Connected Learning Solutions

Forecast: Cloudy, Chance of Rain

In 1965 Mick Jagger and Keith Richards of The Rolling Stones wrote Get Off of My Cloud, a rant against the buttoned down pre-hippy status quo of the mid-60s—the cloud in the title being of course that heavenly fluff on which Mick and Keith (mostly Keith) pined to float away to a bright new, sunshiny day.

Given that the Stones’ next hit single was As Tears Go By, Keith’s fluffy cloud must have turned black and poured down rain.

Forty-five years later (am I really that old?) the internet cloud is all the rage among mainstream IT companies, sector analysts and even retailers like Amazon. It’s the newest new new thing and we’re all supposed to get excited. But somehow I’m not.

First, there doesn’t seem to be much agreement on what the cloud actually is. IBM is touting (among many other things) IBM Cloudburst 1.2—a kind of cloudlet package that lets you do things like “simplify virtual machine mobility” and “enable chargeback for cloud services to optimize system usage.” The idea, I think, is to sell you some IBM hardware along with preconfigured IBM software applications and let you make your own cloud stories.

Amazon is touting the Amazon Elastic Compute Cloud (Amazon EC2), a “simple web service interface [that] allows you to obtain and configure capacity with minimal friction” (I swear I’m not making this stuff up). If I understand the pitch, Amazon is offering virtualized, i.e., shared, low initial cost data centre services to the masses, or at least to those of us with access to credit cards.

A third kind of cloud company is all about the delivery of software applications to your desktop on a per-use or per-unit-of-time rental basis. This way you don’t have to buy that expensive piece of software you covet; you can just rent it by the hour.

So, the cloud could mean:

  1. Bundled hardware/software server packages for your data center
  2. Some combination of the above delivered on demand (you can even rent an entire data center in a box—some companies will now sell you a 40-foot cloud shipping container you just wheel somewhere and plug in)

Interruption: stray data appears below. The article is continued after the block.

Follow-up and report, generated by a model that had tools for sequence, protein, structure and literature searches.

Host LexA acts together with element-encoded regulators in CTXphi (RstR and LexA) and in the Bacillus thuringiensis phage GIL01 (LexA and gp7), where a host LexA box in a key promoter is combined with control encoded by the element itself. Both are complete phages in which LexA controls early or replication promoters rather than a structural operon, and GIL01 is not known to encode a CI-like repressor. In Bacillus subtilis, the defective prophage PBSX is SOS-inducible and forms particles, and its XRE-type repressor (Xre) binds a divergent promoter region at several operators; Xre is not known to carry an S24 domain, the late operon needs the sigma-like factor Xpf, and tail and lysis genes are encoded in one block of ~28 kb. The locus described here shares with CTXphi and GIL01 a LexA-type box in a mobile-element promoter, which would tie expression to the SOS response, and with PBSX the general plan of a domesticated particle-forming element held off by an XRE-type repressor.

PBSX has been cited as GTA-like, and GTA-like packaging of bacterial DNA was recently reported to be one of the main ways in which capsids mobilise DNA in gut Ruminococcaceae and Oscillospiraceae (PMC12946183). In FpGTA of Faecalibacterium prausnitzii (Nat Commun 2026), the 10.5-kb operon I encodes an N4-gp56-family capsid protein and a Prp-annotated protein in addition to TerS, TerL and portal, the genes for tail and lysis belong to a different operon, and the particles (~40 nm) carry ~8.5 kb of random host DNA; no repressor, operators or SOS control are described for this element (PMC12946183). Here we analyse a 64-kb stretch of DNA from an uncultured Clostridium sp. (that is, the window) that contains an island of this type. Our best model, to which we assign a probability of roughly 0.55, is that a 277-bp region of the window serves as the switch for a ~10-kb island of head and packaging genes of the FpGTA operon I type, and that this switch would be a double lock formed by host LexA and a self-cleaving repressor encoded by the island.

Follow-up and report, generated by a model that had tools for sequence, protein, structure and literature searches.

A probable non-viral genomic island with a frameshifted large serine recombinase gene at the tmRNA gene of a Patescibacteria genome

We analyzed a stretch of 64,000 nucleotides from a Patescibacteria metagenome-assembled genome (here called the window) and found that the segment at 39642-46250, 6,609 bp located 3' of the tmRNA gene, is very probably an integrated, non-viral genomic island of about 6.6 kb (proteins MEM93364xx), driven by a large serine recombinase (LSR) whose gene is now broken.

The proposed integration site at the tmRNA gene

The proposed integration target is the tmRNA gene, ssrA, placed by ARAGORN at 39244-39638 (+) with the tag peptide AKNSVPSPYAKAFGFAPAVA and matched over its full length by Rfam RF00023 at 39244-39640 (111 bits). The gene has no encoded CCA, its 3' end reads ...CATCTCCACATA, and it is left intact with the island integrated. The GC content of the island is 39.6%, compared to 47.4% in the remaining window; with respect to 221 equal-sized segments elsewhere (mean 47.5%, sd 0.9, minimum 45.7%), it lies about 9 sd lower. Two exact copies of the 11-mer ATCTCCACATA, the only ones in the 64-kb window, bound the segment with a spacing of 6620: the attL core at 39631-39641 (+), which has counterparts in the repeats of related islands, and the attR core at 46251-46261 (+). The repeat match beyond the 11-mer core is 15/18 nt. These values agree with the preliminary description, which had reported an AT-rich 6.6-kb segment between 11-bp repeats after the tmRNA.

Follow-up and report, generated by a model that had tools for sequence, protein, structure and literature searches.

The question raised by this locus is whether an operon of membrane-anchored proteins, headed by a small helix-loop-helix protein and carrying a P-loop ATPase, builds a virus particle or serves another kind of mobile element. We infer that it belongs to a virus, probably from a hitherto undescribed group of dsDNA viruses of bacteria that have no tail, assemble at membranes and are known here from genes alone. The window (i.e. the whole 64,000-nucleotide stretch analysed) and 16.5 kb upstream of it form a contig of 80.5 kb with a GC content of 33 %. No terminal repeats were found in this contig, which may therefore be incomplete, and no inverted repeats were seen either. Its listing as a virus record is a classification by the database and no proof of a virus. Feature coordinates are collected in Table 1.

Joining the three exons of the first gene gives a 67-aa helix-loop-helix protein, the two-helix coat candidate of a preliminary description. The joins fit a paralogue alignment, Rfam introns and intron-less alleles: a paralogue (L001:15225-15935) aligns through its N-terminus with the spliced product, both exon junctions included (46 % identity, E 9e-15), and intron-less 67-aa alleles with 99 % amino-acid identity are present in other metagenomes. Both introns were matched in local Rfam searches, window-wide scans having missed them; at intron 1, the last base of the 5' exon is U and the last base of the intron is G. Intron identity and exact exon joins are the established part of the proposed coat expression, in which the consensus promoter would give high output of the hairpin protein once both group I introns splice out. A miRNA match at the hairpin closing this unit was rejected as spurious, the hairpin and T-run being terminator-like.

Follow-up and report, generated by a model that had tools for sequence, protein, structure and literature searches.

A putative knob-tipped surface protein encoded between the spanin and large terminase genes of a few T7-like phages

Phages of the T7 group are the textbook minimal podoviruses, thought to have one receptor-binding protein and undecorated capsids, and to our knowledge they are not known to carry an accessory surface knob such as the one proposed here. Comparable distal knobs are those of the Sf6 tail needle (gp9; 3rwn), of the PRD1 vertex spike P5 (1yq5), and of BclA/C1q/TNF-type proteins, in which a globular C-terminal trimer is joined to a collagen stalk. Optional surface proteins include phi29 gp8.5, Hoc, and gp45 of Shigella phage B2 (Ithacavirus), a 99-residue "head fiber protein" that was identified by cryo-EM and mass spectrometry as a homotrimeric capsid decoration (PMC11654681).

3. Non-persistent Internet access abstracted, virtualized and sold in tiny time chunks like phone calls (this is the retail play)
  4. Software applications rented by the hour or the day (with no virtualized infrastructure anywhere in sight)
  5. Or even plain vanilla data center services with a bit of burst-on-demand pipeline capacity thrown in

The cloud is, as terms go, vague enough to lend itself to just about any meaning someone decides to promote. This is in fact the beauty of clouds. They keep changing shape.

Jim Louderback recently wrote a piece on Mark Anderson’s recent predictions (Mark Anderson is the respected pundit from Strategic News Service). The piece is called 2010: Cloud Collapse, Platform Wars and Microsoft Loses All! Despite the title it’s worth a read. Anderson’s point about clouds—they may well work for people but not for companies—strikes me as right. And I agree with his prediction; At least one major company or government agency is likely to suffer through a huge data loss scandal this year or next after some bright spark in IT decides to upload legally protected personal data to a shared cloud because, well, s/he thinks it’s cool and, hey, everybody else is doing it.

Bottom line? Old school hosted services are fine. Just make sure your service providers are ISO 27001 certified, understand global data privacy protection requirements for data processors, maintain adequate insurance coverage and are willing to put it all in writing for you. Otherwise, get off of that cloud.

“I’ve looked at clouds from both sides now,
From up and down and still somehow
It’s clouds’ illusions I recall.
I really don’t know clouds at all.”

From Both Sides Now—Neil Diamond